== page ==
In what is being viewed as a stinging attack against the Government, Ambassador Makandal Daaga, leader of the National Joint Action Committee (NJAC), one of the coalition partners, criticised perceived corruption in the country.Daaga made his statements at the Founding Congress of the Movement for Social Justice (MSJ), another coalition partner, at Palms Club, San Fernando, on Saturday evening.In his biting commentary, made before an audience which included representatives of all coalition partners, including TOP's Ashworth Jack, MSJ's Errol McLeod, UNC's Dr Roodal Moonilal and COP's Winston Dookeran, Daaga declared: "In my 50-60 years, I have never heard so much corruption in my land as in the last few days."There is too much corruption and people are stealing money as though they invented it," he said."It seems almost as though the rich have taken a vow to thief, thief, thief," he shouted, evoking loud applause from the audience.Daaga recalled former PNM minister Desmond Carthy's now infamous statement, "All ah we thief" to illustrate his point that politicians were corrupt and asked to be excluded from that group.
Daaga expressed support for the working class and identified with their struggles. He said he supported the principle, that in a country like Trinidad and Tobago where there was wealth, it should be shared equally among everyone.To this end, he said, those who were saying five per cent or eight per cent (with reference to negotiations with the CPO) was too much, should pay workers."That is their right," Daaga contended.He said the UNC and the COP could not tell workers they had no right to do what they were doing.However, more than once during his address, he pointed out: "I am not against my party."Daaga said history had made it clear that all the constitutional, political and economic advances this country had made were due to the struggles of the working people.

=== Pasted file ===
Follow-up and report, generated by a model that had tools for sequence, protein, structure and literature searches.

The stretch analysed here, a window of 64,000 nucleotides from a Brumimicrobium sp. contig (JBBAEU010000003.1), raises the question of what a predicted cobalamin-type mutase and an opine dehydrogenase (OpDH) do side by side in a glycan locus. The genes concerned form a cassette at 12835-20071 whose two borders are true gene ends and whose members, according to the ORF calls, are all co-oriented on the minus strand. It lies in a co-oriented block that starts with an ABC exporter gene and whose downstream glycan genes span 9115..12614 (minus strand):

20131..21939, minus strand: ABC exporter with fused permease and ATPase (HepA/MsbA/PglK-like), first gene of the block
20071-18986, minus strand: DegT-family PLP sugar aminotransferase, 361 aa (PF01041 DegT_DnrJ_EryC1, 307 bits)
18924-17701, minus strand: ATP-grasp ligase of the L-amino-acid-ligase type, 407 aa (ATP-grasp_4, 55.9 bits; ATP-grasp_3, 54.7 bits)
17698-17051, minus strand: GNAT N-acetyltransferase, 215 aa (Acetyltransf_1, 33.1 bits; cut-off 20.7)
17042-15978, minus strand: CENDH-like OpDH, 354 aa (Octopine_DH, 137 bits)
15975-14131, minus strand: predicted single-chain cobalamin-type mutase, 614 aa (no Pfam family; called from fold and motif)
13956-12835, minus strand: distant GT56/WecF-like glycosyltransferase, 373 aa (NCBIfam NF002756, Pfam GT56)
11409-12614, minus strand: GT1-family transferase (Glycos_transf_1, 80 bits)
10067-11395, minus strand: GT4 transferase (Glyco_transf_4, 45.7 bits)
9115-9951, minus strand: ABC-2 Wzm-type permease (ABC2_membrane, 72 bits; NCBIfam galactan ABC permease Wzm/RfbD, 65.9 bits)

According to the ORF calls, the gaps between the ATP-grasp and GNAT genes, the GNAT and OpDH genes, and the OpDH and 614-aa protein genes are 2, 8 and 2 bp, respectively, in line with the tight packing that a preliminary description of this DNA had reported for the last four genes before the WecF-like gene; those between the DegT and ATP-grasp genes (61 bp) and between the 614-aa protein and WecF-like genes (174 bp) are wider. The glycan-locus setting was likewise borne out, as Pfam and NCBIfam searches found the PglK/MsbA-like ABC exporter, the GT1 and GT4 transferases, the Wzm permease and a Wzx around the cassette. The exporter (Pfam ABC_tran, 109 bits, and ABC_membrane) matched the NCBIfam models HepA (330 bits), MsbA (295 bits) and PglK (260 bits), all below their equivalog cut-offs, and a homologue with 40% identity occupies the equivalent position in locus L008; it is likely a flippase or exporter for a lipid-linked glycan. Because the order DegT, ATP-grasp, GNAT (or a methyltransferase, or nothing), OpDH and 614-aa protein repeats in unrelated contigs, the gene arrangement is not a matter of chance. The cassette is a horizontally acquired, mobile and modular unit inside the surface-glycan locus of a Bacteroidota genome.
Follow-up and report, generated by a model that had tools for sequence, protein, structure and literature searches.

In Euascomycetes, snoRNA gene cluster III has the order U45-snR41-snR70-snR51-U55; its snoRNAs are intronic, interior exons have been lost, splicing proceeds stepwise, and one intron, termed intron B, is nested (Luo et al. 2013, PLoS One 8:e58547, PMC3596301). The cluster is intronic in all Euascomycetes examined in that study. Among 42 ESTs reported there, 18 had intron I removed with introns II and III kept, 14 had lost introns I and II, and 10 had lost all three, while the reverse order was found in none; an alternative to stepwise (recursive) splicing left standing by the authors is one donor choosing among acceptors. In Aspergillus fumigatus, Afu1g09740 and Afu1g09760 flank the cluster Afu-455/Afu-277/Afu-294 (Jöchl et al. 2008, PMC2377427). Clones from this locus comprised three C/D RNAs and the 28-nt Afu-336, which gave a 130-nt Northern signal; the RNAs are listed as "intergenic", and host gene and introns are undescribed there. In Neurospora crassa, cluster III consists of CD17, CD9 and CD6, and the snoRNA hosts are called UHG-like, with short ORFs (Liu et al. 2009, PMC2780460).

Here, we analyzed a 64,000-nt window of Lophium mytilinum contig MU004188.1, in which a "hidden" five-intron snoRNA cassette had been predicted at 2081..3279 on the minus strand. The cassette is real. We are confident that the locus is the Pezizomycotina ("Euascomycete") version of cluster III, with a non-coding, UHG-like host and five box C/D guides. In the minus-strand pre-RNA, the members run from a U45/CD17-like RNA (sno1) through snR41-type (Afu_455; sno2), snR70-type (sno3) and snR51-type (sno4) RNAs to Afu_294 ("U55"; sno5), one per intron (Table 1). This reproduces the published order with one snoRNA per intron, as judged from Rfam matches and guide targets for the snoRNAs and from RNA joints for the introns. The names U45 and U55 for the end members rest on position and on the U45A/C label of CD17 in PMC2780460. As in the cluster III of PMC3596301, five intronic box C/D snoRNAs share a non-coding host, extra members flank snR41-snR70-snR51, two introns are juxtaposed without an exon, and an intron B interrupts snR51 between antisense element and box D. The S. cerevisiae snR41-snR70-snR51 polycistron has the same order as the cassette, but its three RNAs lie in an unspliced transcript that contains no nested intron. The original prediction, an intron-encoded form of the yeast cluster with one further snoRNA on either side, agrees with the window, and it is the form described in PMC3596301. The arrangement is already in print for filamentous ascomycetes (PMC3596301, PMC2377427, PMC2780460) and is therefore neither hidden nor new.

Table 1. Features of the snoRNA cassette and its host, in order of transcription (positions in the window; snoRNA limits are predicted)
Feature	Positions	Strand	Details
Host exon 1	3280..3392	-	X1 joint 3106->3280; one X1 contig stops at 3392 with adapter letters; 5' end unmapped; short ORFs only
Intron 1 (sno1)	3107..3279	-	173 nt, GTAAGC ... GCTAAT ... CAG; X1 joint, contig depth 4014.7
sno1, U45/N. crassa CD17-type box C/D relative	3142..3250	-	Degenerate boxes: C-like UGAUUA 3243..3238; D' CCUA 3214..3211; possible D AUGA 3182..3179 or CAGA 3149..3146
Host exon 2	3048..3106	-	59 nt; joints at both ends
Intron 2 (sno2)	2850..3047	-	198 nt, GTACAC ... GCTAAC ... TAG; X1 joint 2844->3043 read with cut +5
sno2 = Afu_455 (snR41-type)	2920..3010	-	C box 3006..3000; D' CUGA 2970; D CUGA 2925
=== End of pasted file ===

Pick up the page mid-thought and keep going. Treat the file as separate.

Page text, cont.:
He said from way back, the "establishment" had always been angered by the fact that anyone in labour should hold the reign."The establishment has not change...It has merely replaced one for the other," he saidDaaga reiterated his pre-election platform position that unless the people recognised they were the Government, they would always be marching up and down, fighting for benefits.Many times during Daaga's address, Dookeran looked uncomfortable.It was not the only time Dookeran, the only one wearing a suit, appeared to be ill at ease, as he sat through more than an hour of anti-capitalist sentiments from the OWTU and MSJ's socialist partners from across the Caribbean, Latin, South, Central and North America.When his turn came to address the audience, Dookeran defended the Government's fiscal measures.